CompWare is in serious trouble after a promised merger falls through, so they do what other businesses have done to bolster their public image: they hire a consulting firm to review and streamline their business practices.

But there's something strange about the firm they hire--more specifically, the quirky gentleman who arrives to supervise the project: Mr. Patoff, tall and thin and wearing a bow tie, and with an odd smile that never quite reaches his eyes.

In his first interactions, the consultant asks a few inappropriate questions, and generally seems a nuisance. Over time, Patoff gains more power, to the point where he seems to be running the whole company.  He enacts arbitrary and invasive changes to office protocol. He places cameras all over the building, making workers paranoid; he calls employees at all hours of the night, visits some of their homes and menaces their families.

People who defy the consultant get fired… or worse.

They soon realize they're not just fighting for their jobs:  They're fighting for their lives.

The Consultant is a biting workplace satire, with the horrific touches only Bentley Little could provide.

New Bentley Little titles are always a cause for celebration, and I can't wait to see his horrific, satiric take on the corporate world. I actually think I may have worked for Mr. Patoff at some point, but I'll have to wait and read the book to be sure. :)

Tuesday, February 17, 2015

An Open Letter to CBS on a CSI Season 16 . . .

A completely random, non-book related post this morning. The wife and I watched the second half of the CSI season finale last night, in which Nick Stokes left the show for a promotion in San Diego, and it was actually a solid send-off. Not the best episode they've ever done, but it struck a nice balance between season finale storytelling, wrapping up a season-long serial killer arc, and doing justice to an original character.

Sadly, Season 15 was a shortened season, and at this point there's no news on a renewal for Season 16 . . . and that got me thinking. I started thinking aloud last night, telling my wife the idea, but it kept growing as I slept, and I think it's really quite good. :)

If CBS is a little shy about another season, then I'd take the 24: Live Another Day route and do a shorted 'event' type of season that can run for consecutive weeks without interruption. I'm thinking around 8 episodes would be perfect to maintain the momentum and still provide the fans with a pay-off. As for how you make it event, well let me share my thoughts:
  1. Bring back Gil Grissom. It's what the fans have been clamoring for, and it's what would bring back the most viewers. I'm not just talking a cameo, but give him a starring role. Keep D.B. Russell around (I think Ted Danson has done an amazing job of rejuvenating the series), but find a way for the two to work together on solving case.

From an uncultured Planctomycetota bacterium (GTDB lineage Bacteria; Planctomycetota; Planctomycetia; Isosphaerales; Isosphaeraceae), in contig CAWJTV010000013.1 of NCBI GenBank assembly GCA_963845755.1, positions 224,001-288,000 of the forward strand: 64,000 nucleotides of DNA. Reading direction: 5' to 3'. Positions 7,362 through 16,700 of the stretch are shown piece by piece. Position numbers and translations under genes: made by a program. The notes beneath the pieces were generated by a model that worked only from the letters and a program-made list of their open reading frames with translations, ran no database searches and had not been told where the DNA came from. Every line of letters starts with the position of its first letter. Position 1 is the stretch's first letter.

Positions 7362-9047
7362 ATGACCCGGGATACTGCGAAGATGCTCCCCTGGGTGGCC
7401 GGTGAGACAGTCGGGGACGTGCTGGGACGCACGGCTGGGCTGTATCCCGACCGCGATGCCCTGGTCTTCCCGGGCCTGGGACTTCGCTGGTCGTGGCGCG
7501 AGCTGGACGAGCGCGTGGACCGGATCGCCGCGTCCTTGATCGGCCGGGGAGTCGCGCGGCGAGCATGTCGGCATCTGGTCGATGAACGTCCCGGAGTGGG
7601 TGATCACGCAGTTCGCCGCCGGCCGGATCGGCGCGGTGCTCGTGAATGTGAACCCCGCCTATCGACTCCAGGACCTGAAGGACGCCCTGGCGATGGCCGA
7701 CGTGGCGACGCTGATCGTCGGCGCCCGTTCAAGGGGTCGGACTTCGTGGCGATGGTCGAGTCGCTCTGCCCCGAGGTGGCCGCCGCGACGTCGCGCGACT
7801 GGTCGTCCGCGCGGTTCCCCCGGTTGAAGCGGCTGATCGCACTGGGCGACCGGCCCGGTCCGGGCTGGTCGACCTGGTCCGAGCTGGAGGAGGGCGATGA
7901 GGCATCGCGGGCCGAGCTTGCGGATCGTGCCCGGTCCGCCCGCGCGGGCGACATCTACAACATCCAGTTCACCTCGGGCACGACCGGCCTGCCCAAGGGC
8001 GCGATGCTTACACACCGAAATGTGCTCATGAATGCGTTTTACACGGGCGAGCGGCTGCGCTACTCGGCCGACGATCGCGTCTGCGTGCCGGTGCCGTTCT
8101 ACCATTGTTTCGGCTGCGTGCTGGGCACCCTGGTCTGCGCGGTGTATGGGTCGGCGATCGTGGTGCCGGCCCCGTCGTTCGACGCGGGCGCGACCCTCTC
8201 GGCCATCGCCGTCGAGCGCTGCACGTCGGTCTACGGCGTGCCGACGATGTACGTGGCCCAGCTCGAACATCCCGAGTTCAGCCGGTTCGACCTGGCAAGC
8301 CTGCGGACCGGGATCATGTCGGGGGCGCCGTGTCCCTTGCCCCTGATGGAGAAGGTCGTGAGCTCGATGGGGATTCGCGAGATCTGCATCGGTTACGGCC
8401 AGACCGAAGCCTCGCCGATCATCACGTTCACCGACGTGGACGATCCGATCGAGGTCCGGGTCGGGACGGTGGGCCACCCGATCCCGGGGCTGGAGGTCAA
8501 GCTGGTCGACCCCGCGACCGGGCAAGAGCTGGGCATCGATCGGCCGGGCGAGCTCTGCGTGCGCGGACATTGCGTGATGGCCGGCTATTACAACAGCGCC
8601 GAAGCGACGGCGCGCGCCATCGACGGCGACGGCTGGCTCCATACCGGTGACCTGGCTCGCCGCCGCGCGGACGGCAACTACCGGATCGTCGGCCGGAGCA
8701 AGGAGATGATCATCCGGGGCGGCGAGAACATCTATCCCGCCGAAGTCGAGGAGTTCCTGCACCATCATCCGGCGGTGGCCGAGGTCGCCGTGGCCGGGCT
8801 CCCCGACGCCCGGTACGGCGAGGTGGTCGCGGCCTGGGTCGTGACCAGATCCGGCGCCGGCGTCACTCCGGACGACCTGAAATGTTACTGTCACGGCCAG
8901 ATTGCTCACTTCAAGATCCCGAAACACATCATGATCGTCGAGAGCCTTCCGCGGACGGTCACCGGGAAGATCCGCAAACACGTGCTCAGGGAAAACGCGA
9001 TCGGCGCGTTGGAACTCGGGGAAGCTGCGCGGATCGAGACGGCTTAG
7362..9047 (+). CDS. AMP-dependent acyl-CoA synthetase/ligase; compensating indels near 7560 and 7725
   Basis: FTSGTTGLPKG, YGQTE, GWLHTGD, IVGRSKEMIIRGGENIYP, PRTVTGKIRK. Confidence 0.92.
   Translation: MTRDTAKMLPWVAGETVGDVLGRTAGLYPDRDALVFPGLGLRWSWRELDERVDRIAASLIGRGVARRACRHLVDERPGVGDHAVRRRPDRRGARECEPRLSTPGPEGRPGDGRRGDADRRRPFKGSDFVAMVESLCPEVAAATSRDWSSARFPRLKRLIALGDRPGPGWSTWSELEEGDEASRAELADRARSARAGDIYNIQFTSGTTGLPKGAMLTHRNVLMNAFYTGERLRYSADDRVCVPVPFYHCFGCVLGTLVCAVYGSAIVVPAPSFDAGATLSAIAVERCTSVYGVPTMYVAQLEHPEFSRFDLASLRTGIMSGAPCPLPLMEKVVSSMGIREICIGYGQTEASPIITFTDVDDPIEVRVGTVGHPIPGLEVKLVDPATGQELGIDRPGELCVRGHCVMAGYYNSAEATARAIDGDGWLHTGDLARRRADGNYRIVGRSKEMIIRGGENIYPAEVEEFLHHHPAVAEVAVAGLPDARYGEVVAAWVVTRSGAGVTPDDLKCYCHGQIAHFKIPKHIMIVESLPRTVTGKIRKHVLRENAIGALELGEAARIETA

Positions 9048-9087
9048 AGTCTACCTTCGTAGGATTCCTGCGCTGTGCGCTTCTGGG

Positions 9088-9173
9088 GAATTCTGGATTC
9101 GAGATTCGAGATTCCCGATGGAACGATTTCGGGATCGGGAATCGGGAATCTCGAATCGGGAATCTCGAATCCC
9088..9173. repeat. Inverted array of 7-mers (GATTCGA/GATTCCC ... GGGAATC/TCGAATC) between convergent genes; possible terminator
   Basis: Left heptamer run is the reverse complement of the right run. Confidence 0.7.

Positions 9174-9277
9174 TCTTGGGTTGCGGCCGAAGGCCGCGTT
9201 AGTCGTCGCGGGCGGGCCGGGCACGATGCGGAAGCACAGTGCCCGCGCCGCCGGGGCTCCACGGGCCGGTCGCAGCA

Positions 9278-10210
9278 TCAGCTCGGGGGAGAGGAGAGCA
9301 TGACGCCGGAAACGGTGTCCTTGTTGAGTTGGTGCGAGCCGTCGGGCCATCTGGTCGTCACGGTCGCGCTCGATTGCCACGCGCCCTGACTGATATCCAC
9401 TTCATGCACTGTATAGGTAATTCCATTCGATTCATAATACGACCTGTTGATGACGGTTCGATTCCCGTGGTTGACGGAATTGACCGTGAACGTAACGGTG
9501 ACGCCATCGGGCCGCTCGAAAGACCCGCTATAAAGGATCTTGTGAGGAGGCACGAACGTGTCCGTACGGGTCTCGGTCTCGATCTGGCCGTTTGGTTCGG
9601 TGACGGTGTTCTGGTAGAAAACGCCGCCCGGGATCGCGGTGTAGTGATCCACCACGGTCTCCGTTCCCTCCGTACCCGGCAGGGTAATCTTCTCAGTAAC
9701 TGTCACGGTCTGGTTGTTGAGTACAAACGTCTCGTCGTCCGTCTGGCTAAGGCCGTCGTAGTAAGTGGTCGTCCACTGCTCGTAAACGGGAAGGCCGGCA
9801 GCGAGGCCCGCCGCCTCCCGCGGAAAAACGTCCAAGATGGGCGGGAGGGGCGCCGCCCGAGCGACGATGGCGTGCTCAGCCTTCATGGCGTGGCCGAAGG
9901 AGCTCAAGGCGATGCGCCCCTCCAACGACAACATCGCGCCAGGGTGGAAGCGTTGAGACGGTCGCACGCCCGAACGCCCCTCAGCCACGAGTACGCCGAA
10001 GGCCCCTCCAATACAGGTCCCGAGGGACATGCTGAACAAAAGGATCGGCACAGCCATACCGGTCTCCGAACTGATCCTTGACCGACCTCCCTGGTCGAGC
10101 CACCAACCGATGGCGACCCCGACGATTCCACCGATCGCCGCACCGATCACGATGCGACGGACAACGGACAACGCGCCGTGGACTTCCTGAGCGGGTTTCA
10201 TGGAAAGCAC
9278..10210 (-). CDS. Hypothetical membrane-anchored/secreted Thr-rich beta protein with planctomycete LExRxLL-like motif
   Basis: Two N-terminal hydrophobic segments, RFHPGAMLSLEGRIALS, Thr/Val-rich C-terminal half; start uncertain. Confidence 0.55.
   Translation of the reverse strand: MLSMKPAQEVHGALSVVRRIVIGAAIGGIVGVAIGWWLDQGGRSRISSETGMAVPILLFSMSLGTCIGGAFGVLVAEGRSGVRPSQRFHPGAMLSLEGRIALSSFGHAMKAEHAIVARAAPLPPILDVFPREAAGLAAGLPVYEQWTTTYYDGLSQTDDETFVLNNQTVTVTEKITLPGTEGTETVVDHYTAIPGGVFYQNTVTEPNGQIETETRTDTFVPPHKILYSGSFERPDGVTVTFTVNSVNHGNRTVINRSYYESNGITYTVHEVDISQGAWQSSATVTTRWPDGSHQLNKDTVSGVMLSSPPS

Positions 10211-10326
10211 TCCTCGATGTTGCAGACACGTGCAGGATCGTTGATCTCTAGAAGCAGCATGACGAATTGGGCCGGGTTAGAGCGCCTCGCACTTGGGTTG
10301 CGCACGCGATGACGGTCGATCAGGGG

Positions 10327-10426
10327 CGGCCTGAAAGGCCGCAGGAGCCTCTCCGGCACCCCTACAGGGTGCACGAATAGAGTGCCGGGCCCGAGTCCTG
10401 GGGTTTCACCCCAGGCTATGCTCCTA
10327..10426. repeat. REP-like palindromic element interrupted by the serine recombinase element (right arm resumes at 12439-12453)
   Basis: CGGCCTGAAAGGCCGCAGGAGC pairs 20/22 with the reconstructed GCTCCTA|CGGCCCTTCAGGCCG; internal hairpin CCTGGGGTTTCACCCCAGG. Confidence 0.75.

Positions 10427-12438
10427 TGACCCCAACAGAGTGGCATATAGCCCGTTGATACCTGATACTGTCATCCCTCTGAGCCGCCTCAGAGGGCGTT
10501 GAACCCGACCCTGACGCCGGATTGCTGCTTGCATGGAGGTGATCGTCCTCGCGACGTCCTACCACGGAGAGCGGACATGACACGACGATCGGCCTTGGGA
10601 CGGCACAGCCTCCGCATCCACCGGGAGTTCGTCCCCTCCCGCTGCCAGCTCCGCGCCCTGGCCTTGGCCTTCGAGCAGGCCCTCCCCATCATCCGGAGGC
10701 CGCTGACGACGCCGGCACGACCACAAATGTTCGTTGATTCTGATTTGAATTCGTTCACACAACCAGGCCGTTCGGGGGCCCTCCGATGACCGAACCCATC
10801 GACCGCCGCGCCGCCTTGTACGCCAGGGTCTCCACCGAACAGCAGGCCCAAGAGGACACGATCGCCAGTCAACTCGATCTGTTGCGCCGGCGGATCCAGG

2. Season-long serial killer arc. CSI has always been good at dragging out a 'big' storyline, but it gets so watered down by filler episodes that you often forget the details. No filler, no side stories, and no interruptions. Come up with a solid storyline, something dark and daring that will really challenge network television, and let it be the focus of every episode.
  3. Crossovers. CSI has a long television pedigree, with 2 spin-offs that lasted between 9 and 10 seasons. Perhaps the serial killer has been at it for decades, crossing state lines and avoiding too much notice in any one jurisdiction. Have Gil and D.B. start connecting the dots, then have them visit Miami and New York for an episode each, and even pay a visit to Nick in San Diego for one of the final episodes. Make it a franchise event. Assuming Cyber makes it through a first season (which I doubt), then have them involved as well.
  4. Cameos. Obviously, you can't bring back every character, or else the show becomes more about the people than the story. Having said that, give us a scene with Gil, Sara, and Lady Heather; another with Hodges and Wendy; one with Nick and Catherine; and another with Captain Brass and Conrad Ecklie; and I think a lot of fans will walk away happy.
  5. Nobody dies. Don't cheat the fans, and don't go for the easy out in creating a little dramatic tension. Yes, there needs to be a certain amount of peril to maintain suspense, but don't kill off, maim, or otherwise remove (i.e. the ever-lame coma) any of the main characters from the storyline. Let them all be there at the end.
  6. The inside-out visuals. Part of what made CSI so cool in the early episodes was all of the visual from inside the body. We saw bullets impacting bone, blood flowing, and organs rotting. For a police procedural, it was heavy on the effects, and that made it unique. It's something we haven't seen as much of in the last few seasons, but I really think it would help reconnect with those first few seasons.
It may never happen, and Nick's goodbye may very well be the series goodbye, but after 15 seasons of dedicated watching I really do think we deserve one big, final, kick-ass season that pays homage to all that's come before.